Christina Erb

Lost Boys by Slava Mogutin

Book review in The Globalist, May 2007


Independence Day Parade, Moscow, 2004

Photographer Slava Mogutin’s first monograph, Lost Boys, is a compelling collection of landscape and portrait shots, comprised of a wide array of intimate and expressive images he collected over the ten years he traveled throughout Eastern Europe.

His photographic journey began after he was exiled from Russia at the age of 21 for “malicious hooliganism with exceptional cynicism and extreme insolence.” As an open homosexual, his explicitly gay words angered Soviets — and the photographs he took in the years following have caused an uproar, as well.

Like Mogutin’s words, his images are provocative and raw, revolving around the fringes of Eastern European urban culture. He shows us portraits of young, defiant men and startlingly still landscapes of snow-covered trees, an amusement park and the dilapidated city blocks of Eastern Europe.

Mogutin opens the door to a world of displaced people, underground cultures and economic instability. We see skinheads and skateboarders, punks and football players, Crimean Rasta boys and military cadets living in various states of poverty, acting out a mixture of fantasies and discovering their sexual identities.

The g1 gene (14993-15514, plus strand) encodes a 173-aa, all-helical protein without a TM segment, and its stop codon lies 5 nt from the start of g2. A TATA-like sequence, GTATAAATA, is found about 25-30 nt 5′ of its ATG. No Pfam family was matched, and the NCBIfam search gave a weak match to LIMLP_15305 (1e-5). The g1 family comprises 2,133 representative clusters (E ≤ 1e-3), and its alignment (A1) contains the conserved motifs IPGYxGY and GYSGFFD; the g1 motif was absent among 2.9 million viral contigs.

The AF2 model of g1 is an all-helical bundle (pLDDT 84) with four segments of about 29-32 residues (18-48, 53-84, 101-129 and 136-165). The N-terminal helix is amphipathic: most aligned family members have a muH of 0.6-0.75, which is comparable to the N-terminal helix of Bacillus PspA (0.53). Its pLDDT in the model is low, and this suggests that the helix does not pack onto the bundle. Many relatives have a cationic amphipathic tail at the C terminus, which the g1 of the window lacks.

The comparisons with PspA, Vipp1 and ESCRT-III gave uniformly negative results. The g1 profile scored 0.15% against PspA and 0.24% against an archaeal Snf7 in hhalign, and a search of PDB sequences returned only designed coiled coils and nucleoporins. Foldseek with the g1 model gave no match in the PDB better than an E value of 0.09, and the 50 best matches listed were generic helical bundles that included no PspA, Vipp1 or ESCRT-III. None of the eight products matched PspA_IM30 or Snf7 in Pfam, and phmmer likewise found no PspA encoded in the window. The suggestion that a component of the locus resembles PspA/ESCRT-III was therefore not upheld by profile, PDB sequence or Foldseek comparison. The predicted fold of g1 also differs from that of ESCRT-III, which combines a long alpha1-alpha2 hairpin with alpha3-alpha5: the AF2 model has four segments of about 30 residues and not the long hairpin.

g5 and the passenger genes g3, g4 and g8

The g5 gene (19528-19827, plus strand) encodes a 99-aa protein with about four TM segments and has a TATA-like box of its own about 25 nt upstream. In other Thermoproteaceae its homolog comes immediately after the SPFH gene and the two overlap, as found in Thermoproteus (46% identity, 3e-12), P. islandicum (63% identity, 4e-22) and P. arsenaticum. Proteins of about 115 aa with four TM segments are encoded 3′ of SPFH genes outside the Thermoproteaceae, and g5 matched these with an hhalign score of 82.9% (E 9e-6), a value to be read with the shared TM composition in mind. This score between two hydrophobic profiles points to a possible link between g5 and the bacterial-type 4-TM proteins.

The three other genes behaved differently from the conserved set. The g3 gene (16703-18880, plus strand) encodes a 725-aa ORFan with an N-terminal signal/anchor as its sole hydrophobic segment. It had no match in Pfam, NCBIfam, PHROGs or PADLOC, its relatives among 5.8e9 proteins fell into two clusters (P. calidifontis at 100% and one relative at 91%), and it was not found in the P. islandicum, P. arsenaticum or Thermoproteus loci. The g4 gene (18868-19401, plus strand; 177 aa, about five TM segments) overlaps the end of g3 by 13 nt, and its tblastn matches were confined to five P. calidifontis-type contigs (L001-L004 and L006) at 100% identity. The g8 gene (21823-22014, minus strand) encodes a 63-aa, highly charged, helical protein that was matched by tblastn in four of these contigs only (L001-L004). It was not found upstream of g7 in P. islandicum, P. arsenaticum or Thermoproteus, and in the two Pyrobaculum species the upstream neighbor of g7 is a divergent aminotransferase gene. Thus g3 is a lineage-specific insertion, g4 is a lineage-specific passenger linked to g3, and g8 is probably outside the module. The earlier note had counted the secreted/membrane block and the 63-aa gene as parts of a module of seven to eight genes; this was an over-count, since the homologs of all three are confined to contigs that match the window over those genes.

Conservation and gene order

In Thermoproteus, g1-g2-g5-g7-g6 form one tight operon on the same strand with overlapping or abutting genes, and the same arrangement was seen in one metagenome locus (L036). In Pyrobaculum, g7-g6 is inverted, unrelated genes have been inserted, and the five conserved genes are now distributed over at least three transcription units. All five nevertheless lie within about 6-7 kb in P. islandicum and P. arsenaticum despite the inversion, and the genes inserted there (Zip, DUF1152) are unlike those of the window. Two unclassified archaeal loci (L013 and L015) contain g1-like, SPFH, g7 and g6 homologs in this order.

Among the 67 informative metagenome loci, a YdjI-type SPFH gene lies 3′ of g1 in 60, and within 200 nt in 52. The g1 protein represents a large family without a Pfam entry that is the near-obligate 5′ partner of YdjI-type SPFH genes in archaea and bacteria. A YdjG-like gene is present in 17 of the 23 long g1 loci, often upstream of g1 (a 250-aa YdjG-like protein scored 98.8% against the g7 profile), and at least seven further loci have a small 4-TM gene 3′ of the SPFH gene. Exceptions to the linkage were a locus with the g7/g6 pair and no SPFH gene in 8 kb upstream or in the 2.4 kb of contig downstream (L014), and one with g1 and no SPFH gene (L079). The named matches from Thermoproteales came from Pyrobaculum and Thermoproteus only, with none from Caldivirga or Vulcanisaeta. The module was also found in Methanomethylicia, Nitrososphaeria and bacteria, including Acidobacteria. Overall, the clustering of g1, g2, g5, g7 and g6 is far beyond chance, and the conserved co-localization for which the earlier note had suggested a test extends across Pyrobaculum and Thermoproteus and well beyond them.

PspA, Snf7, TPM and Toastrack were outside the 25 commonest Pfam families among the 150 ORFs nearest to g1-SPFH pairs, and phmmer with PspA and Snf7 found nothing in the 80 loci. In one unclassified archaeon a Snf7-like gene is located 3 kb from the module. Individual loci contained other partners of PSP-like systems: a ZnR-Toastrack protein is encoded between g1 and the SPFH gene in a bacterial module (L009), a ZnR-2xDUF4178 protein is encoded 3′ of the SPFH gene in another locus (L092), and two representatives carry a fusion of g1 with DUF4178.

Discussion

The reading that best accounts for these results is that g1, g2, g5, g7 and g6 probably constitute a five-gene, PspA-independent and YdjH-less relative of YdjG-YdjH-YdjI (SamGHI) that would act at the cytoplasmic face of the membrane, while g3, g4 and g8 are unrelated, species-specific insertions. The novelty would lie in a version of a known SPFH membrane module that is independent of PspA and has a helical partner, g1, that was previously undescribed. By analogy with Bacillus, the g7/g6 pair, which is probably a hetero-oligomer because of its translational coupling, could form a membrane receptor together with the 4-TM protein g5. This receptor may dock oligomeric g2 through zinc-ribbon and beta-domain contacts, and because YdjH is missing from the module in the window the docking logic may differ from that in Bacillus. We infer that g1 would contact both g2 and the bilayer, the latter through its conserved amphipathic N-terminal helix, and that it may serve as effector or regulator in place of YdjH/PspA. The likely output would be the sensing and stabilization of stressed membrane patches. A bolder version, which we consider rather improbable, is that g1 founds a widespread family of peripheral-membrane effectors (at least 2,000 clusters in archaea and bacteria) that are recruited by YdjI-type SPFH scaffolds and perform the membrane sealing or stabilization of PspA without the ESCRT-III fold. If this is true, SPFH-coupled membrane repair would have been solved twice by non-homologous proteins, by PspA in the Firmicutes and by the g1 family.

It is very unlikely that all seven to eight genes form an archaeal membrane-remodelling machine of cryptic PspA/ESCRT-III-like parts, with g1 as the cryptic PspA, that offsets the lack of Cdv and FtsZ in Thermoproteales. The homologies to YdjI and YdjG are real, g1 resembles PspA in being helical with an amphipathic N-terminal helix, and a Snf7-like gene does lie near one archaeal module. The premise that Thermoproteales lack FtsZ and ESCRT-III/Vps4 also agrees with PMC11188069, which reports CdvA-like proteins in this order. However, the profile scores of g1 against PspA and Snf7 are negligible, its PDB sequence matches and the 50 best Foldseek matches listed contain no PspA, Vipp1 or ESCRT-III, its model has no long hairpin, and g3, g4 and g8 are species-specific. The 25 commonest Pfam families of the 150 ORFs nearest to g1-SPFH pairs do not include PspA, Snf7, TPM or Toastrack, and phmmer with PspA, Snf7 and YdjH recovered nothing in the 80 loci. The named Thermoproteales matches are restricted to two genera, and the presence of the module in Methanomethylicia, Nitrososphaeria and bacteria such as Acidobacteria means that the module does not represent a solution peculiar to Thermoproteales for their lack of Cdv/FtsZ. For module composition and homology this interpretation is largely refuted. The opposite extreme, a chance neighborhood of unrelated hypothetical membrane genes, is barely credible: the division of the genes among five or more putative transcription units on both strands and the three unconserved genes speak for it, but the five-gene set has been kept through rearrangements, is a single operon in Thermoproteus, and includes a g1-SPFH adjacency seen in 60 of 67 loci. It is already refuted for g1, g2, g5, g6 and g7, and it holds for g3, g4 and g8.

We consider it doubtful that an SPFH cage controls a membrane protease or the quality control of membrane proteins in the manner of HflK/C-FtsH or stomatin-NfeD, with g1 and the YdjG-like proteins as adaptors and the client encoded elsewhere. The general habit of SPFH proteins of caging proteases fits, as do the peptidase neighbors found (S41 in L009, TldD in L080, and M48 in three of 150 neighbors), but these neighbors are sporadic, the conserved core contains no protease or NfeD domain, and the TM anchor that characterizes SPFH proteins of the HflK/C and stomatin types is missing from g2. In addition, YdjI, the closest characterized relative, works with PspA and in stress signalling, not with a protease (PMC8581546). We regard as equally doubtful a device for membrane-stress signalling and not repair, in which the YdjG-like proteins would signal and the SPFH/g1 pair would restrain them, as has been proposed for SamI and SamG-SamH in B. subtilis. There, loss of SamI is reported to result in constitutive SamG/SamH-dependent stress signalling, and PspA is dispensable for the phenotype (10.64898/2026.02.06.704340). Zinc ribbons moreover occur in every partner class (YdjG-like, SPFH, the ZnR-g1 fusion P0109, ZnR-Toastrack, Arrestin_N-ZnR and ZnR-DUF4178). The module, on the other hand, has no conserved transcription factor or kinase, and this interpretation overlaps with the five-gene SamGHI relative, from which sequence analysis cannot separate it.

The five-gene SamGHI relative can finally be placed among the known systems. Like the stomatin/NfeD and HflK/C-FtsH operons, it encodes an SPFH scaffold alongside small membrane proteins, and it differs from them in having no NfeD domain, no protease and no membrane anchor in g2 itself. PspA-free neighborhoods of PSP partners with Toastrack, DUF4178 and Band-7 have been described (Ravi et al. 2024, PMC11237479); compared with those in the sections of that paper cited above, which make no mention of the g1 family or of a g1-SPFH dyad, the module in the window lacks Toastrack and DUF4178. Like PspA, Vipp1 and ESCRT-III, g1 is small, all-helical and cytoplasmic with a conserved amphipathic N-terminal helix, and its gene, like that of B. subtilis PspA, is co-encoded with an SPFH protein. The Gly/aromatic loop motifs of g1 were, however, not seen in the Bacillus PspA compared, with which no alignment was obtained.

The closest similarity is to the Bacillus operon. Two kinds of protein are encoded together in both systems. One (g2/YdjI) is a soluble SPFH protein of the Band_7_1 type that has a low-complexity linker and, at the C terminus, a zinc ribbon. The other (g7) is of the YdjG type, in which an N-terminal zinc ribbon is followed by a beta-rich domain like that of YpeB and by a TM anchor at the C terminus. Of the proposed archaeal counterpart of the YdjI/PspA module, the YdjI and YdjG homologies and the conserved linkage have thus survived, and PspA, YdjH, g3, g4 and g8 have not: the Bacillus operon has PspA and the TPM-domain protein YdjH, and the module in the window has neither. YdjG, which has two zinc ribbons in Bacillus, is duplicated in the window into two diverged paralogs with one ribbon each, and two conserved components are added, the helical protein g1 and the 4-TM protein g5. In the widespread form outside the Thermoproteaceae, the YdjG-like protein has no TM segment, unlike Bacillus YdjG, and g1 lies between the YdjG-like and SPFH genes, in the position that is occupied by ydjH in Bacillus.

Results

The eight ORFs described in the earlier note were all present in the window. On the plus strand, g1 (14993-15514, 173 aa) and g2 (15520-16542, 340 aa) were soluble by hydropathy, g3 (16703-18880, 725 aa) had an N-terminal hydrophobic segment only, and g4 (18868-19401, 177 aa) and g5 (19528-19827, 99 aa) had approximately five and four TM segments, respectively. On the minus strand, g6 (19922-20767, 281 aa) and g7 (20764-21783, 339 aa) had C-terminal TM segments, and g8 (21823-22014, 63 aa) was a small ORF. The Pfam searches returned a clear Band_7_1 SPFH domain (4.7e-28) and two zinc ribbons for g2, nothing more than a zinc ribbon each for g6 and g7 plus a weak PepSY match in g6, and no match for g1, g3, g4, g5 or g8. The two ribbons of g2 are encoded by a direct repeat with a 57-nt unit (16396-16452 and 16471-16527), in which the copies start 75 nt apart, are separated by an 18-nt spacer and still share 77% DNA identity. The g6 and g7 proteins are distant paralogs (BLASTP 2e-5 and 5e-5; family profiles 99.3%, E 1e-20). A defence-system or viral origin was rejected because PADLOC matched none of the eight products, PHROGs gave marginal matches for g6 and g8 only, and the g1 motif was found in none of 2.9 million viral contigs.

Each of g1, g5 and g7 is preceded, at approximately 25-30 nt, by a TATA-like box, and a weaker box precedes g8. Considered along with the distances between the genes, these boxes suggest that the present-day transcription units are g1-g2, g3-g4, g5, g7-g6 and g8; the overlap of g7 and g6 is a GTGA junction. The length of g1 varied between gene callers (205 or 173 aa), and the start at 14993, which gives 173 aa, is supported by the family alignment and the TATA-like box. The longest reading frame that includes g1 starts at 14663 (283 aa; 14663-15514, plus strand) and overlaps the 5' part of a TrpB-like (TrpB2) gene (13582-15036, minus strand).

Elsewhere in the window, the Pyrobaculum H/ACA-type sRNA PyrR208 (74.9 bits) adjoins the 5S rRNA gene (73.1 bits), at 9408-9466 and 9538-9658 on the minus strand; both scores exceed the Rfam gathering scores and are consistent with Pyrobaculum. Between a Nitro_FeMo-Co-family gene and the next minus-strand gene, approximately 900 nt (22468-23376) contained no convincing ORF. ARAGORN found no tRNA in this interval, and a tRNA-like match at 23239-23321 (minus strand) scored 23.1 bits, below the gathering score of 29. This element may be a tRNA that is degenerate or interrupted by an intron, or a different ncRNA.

He explains his motives and the collection’s title to independent curator and art writer Octavio Zaya in “Slava Mogutin’s Grotesque Realism,” saying, “I thought Lost Boys was a good title for this series because I was photographing all these kids around the world who were actually lost in one way or another, caught up in the world of their subcultures and fetishes.”

He offsets these kinky images with tamer, yet still poignant, portraits of young Eastern European men. He shows us a Red Cadet standing, head tilted, in front of his post, and a Russian raver all in black sitting against a wall, his forehead resting against his knees and surrounded by dozens of beer bottles.

It is a perplexing photograph. Is the boy regretting a night of partying? Is he reacting to the fall of the Soviet Union? Does he even have a home? We are forced to ask questions the photograph cannot begin to answer for us.

We see a group of boys dressed in crisp white uniforms marching in a parade and later, a young soldier named Anton smoking on top of a building, his shirt open with his helmet still securely in place.

But even these more innocent portraits are dispelled by other images. On the roof, Anton has a disheveled, hardened appearance. We see only his profile — and it is easy to wonder, in that moment, if he is caught in the middle of a war.

But the portraits that follow dispel such thoughts. They show him inside, partially dressed, acting out various fantasies. These are hard, beautiful images — and the subjects, like Mogutin, never shy away from the camera, staring straight at the lens without hesitation.

© Christina Erb